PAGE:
• Chiarello Christine, Liu Stella, Faust Miriam. Bihemispheric sensitivity to sentence anomaly. Neuropsychologia. 2001;39:1451–63. [PubMed]
  • Chiarello Christine, Liu Stella, Shears Connie, Quan Nancy, Kacinik Natalie. Priming of strong semantic relations in the left and right visual fields: a time-course investigation. Neuropsychologia. 2003;41:721–32. [PubMed]
  • Coulson Seana, Kutas Marta. Getting it: human event-related brain response to jokes in good and poor comprehenders. Neuroscience Letters. 2001;316:71–4. [PubMed]
  • Coulson Seana, Wu Ying Choon. Right hemisphere activation of joke-related information: An event-related brain potential study. Journal of Cognitive Neuroscience. 2005;17:494–506. [PubMed]
  • Coulson Seana, Williams Robert F. Hemispheric asymmetries and joke comprehension. Neuropsychologia. 2005;43:128–41. [PubMed]
  • Coulson Seana, Severens Els. Hemispheric asymmetry and pun comprehension: when cowboys have sore calves. Brain & Language. 2007;100:172–87. [PubMed]
  • Coulson Seana, Van Petten Cyma. A special role for the right hemisphere in metaphor comprehension? ERP evidence from hemifield presentation. Brain Research. 2007;1146:128–45. [PubMed]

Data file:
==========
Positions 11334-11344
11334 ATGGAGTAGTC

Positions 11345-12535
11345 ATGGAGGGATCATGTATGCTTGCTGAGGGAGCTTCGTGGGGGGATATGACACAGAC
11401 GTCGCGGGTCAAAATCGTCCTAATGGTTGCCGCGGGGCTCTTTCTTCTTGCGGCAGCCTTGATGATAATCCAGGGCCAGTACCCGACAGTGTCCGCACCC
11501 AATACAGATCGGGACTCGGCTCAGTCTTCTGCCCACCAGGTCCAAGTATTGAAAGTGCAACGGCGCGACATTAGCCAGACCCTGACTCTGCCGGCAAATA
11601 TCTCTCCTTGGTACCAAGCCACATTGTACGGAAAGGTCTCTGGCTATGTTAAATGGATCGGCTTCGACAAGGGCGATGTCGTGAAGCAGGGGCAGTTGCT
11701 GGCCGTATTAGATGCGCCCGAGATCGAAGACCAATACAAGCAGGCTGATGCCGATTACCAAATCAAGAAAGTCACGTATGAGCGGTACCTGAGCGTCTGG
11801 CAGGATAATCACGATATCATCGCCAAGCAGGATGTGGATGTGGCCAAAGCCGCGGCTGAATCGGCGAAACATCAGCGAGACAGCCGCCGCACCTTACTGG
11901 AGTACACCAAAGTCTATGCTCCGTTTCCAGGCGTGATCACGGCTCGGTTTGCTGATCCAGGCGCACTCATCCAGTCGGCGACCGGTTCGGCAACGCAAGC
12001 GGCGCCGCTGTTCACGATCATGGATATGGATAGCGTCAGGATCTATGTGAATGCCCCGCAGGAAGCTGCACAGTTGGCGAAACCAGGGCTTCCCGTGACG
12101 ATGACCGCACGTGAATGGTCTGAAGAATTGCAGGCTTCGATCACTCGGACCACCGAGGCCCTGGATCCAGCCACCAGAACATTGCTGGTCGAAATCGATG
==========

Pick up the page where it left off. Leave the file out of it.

• Coulson Seana, Federmeier Kara D, Van Petten Cyma, Kutas Marta. Right hemisphere sensitivity to word- and sentence-level context: Evidence from event-related brain potentials. Journal of Experimental Psychology: Learning, Memory, and Cognition. 2005;31:129–47. [PubMed]
  • Deacon Diana, Grose-Fifer Jillian, Yang Chien-Ming, Stanick Virginia, Hewitt Sean, Dynowska Anna. Evidence for a new conceptualization of semantic representation in the left and right cerebral hemispheres. Cortex. 2004;40:467–78. [PubMed]
  • Delis Dean C, Wapner Wendy, Gardner Howard, Moses James A. The contribution of the right hemisphere to the organization of paragraphs. Cortex. 1983;19:43–50. [PubMed]
  • Evans Karen M, Federmeier Kara D. The memory that’s right and the memory that’s left: event-related potentials reveal hemispheric asymmetries in the encoding and retention of verbal information. Neuropsychologia. 2007;45:1777–90. [PMC free article] [PubMed]
  • Fabiani Monica, Gratton Gabriele, Federmeier Kara D. Event-related brain potentials: Methods, theory, and application. In: Cacioppo John T, Tassinary Louis, Berntson Gary., editors. Handbook of Psychophysiology. Cambridge: Cambridge University Press; 2007. pp. 85–119.